its president and a Democrat U. S. Representative as its vice-president. (By
the way, the fear of Democrats in that election came true: Republicans not only
passed a constitutional amendment abolishing slavery while still fighting the
Civil War but they also passed two dozen civil rights laws in only a decade,
one of which banned all segregation; but the Supreme Court – being as out of
touch with the wishes of that generation as it is with today’s – struck down
that desegregation law.)
Now, a century-and-a-half later in 2004, with it being obvious to Democrats
that Republicans intend to protect marriage, innocent human life, and reign
in an activist judiciary, Democratic leaders such as Lawrence O’Donnell, Bob
Beckel, and Geraldine Ferraro (as well as many rank-and-file Democrats) are
once again making noise about secession. The proposed map they are circulating
on the internet demonstrates their understanding of the cultural divide in this
election: they propose that the 19 blue states won by Kerry join with Canada
to form the “United States of Canada,” and that the remaining 31 red states
be named “Jesusland.”
However, not all Democrats are seeking to secede; some are simply seeking psychotherapy.
In fact, so many have sought help that mental health professionals have developed
a new category for the disorder. According to Rob Gordon of the American Health
Association, “We’re calling it ‘post-election selection trauma’.”
What are the symptoms of this disorder? “They include feelings of extreme
anger, despair, hopelessness, powerlessness, a failure to function behaviorally,
a sense of disillusionment, of not wanting to vote anymore.” Gordon warns:
“There are definitely people depressed by John Kerry’s loss, and this can
easily lead to suicides like the one we saw up in New York this weekend.”
The third apparent post-election reaction is a deliberate attempt to reshape
long-held definitions of established words, or doing what the dictionary describes
as “new-speak” (the “deliberately ambiguous and contradictory
language used to mislead and manipulate the public,” based on the term
invented in the famous novel 1984). In other words, many liberals, understanding
that they lost the election largely because of traditional moral values, are
attempting to redefine the scope and universally understood meaning of those
words. For example, the Rev. Robert Edgar, general secretary of the National
Council of Churches, laments: “The religious right has successfully gotten
out there shaping personal piety issues – civil unions, abortion – as almost
the total content of ‘moral values.’ And yet . . . God doesn’t want 45 million
Americans without health care.” Supporters of same-sex marriage are now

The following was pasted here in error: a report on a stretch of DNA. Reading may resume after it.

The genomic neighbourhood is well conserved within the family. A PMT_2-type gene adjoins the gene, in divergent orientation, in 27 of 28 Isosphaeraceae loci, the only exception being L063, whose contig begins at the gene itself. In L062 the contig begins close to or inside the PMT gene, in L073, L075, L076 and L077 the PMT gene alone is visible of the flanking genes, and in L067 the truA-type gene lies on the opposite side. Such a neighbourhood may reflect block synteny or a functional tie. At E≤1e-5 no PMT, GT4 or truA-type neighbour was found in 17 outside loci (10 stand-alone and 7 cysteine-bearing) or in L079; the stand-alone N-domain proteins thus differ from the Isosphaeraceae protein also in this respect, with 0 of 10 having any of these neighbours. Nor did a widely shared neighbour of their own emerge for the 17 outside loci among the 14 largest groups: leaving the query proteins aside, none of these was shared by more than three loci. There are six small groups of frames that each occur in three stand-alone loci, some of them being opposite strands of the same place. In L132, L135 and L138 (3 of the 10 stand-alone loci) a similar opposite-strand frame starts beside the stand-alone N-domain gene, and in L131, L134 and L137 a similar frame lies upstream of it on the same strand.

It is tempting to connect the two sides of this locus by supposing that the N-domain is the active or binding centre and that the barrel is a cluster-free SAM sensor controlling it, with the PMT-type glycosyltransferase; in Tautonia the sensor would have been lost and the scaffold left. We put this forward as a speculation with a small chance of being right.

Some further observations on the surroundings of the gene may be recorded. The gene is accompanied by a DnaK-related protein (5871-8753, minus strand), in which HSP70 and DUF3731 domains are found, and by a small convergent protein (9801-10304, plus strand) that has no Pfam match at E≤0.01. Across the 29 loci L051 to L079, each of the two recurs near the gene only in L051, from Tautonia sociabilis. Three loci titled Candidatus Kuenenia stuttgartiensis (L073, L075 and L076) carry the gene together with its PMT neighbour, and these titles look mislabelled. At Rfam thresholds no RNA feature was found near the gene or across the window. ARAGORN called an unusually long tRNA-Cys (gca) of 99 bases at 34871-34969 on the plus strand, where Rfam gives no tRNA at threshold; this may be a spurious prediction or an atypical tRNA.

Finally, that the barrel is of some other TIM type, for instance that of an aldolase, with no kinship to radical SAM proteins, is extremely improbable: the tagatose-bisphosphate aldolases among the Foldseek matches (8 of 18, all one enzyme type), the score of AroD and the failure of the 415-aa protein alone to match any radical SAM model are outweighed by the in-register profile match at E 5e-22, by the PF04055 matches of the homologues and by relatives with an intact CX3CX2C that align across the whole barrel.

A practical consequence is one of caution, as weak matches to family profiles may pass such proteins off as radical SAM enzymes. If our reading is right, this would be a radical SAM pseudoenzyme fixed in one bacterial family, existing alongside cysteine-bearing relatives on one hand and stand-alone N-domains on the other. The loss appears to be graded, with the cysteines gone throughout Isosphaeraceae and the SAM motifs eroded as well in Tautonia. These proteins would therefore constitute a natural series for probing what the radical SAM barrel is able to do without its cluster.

asserting that it is “moral” to extend partnership rights to two men
or two women who have “committed” themselves to each other, and pro-abortion
advocates are now claiming that it is “moral” for a poor mother to
have an abortion rather than bear a child she might not want. Since the election,
the Left has begun chanting about “morals” and “values,”
but giving those words their own new meanings.
Another frequently mentioned “moral value” involves taking care of
the poor. As the Rev. Stephen Bouman explains, “One thing Jesus was absolutely
clear about was helping the poor.” While it is true that the Bible does
have much to say about helping the poor, it is also true that the Bible clearly
prioritizes certain issues. Consider the fact that God took over 600 laws and
reduced them into His “Top Ten” commandments. The protection of innocent
life does make God’s Top Ten (#6), and the protection of the sanctity of marriage
also makes God’s Top Ten (#7); however, taking care of the poor does not make
God’s Top Ten, and to elevate that issue above what God has elevated is to usurp
His authority and that of His Word.
Additionally, when George W. Bush, then Texas Governor first implemented faith-based
programs in Texas, CBS News traveled to Fredericksburg, Texas, and reported
that the same amount of welfare money that previously had taken care of 4 recipients
in the government system was now taking care of hundreds of recipients in the
faith-based welfare system. Therefore, it is apparent that the ability to better
help the poor is dramatically increased by the implementation of faith-based
programs – something that most Democrats vehemently oppose and most Republicans
strongly support.
Statistical indicators in the election – as well as the reactions and rhetoric
of those who lost – clearly confirm that “moral issues” were a definitive
and major influence in the outcome of this election. So was there a moral mandate
delivered by voters on election night 2004? Many indicators would suggest that
the answer may be, “Yes.”

By | 2017-03-27T16:28:51+00:00 December 31st, 2016|Categories: Issues and Articles|0 Comments